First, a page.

The Philharmonic Orchestra
Victoria Concert Hall
3 April 2015)
This review was published in The Straits Times on 6 April 2015 with the title "Painless Bartok".
We are now living in the second decade of the 21st century yet there are pockets of audiences that still display an aversion to 20th century music. One music teacher once told this reviewer she was leaving a concert early, hoping to avoid sitting through a work by the great 20th century Hungarian composer Bela Bartok (1881-1945). This concert by The Philharmonic Orchestra (TPO) conducted by Lim Yau would have been the perfect remedy of that typical case of Bartok-phobia.
TPO in its Composers Tonight! series has successfully wedded concert music with a highly engaging musical education approach, helmed by the witty actor-director William Ledbetter in collaboration with Lim Yau. His deliveries of pre-performance preambles have been unstuffy, refreshingly free of technical jargon while being factually sound and accurate. With Bartok, he dwelled on the composer's passion for collecting and preserving folk music, which in turn influenced the use of vernacular melodies, harmonies and rhythms in his music.
The audience was provided with a short “sampler” in Bartok's Romanian Dances, the most painless possible introduction to his supposedly difficult style. Short but quaintly rhythmic, these miniatures brought out some excellent solo playing from the clarinet, piccolo and concertmaster Chan Yoong Han's violin. This was merely the prelude to Bartok's Concerto for Orchestra, his most popular large scale work which showcased groups of solo instruments in virtuosic roles while being intregral parts of the orchestra.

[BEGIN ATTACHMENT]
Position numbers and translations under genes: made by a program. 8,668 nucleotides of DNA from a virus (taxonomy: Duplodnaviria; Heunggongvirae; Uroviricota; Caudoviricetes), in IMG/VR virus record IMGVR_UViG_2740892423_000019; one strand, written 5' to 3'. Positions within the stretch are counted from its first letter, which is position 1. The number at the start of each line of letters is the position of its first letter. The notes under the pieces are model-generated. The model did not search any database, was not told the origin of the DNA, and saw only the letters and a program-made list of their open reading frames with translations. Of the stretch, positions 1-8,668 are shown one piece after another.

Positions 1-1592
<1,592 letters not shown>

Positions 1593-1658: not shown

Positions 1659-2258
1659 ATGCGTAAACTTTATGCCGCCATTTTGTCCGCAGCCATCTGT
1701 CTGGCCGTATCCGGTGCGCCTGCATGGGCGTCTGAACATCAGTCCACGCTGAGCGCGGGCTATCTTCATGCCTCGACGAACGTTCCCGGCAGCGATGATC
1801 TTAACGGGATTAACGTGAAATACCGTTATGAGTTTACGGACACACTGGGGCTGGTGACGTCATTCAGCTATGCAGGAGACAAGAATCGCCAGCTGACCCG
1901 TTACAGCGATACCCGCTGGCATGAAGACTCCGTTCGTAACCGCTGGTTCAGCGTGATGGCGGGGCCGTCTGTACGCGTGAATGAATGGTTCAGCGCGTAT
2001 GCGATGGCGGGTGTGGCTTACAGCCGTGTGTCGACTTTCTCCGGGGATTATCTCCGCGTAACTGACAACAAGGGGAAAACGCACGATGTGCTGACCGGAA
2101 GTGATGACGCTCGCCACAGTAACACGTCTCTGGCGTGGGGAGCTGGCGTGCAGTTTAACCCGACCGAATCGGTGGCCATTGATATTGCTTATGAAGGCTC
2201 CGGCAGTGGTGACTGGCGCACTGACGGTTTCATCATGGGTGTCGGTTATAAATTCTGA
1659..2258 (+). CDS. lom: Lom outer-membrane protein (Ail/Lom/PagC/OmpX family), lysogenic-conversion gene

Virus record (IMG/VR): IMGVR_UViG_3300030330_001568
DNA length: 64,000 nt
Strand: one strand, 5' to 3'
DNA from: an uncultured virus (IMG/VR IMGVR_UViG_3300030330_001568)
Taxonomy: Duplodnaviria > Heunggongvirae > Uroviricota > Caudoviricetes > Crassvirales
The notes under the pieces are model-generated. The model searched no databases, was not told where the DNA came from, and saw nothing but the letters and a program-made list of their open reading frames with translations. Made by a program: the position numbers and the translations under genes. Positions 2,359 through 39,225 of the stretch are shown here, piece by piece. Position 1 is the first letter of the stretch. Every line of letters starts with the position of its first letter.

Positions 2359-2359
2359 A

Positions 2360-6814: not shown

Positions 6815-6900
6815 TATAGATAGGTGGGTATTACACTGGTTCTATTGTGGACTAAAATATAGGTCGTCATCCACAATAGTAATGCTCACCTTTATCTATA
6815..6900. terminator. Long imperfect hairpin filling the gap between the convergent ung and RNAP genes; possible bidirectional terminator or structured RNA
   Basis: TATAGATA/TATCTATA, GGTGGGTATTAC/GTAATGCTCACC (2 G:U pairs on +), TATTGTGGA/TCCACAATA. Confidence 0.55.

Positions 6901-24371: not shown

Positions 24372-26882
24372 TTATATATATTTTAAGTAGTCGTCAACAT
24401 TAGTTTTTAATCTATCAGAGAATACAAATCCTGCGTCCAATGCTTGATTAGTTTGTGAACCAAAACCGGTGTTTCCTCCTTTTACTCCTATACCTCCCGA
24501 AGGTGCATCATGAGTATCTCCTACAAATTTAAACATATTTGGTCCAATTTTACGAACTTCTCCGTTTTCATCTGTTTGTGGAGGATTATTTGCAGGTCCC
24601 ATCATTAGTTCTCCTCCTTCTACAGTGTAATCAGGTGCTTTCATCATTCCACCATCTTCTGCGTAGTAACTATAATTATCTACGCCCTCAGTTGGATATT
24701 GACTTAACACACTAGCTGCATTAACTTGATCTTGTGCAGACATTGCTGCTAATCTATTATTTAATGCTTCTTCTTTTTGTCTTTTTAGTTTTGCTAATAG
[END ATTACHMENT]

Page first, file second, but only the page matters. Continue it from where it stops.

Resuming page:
Snippets from each of the five movements were aired alongside Ledbetter's humorous descriptions, even if spoilers related to Bartok's uproarious in-joke of the fourth movement (best appreciated by American audiences in 1944 who were then in the thrall of Shostakovich's patriotic Seventh Symphony) were divulged.
Then without much ceremony, the work began.
A more experienced orchestra might have crafted a more mysterious subterranean opening, but the opening movement's themes influenced by Hungarian folk music with its use of fourths were well delineated. The chorus of brass fanfares at its climax also provided the movement's
. Clearly this was to be
a field day for both woodwinds and brass, whose prowess continued into the
second movement's Game of Couples. high point
Here, duets of bassoons, oboes, clarinets, flutes and trumpets playing in various fixed intervals were highlighted to best effect, alongside a sole drummer in the middle beating out rhythmic asides. The middle movement, an Elegy, was eerily evocative with the piccolo piping out its version of wind, twittering insects and the call of the wild.
The fourth movement's Interrupted Intermezzo with its trite village humour and parody of Shostakovich (who himself lampooned Franz Lehar and the Nazis) was not milked for its shock value, but the intended effect would have been mostly lost on modern audiences anyway.
All the stops were pulled for the finale's perpetuum mobile, which found the strings on imperious form. Again, the driving rhythms of folk music held sway as the music barrelled its way to a brilliant finish. The various groups of soloists and chatty host were congratulated by the maestro, and judging by the applause, all who attended must had felt the concert and Ledbetter's “music lesson” could not have been better led.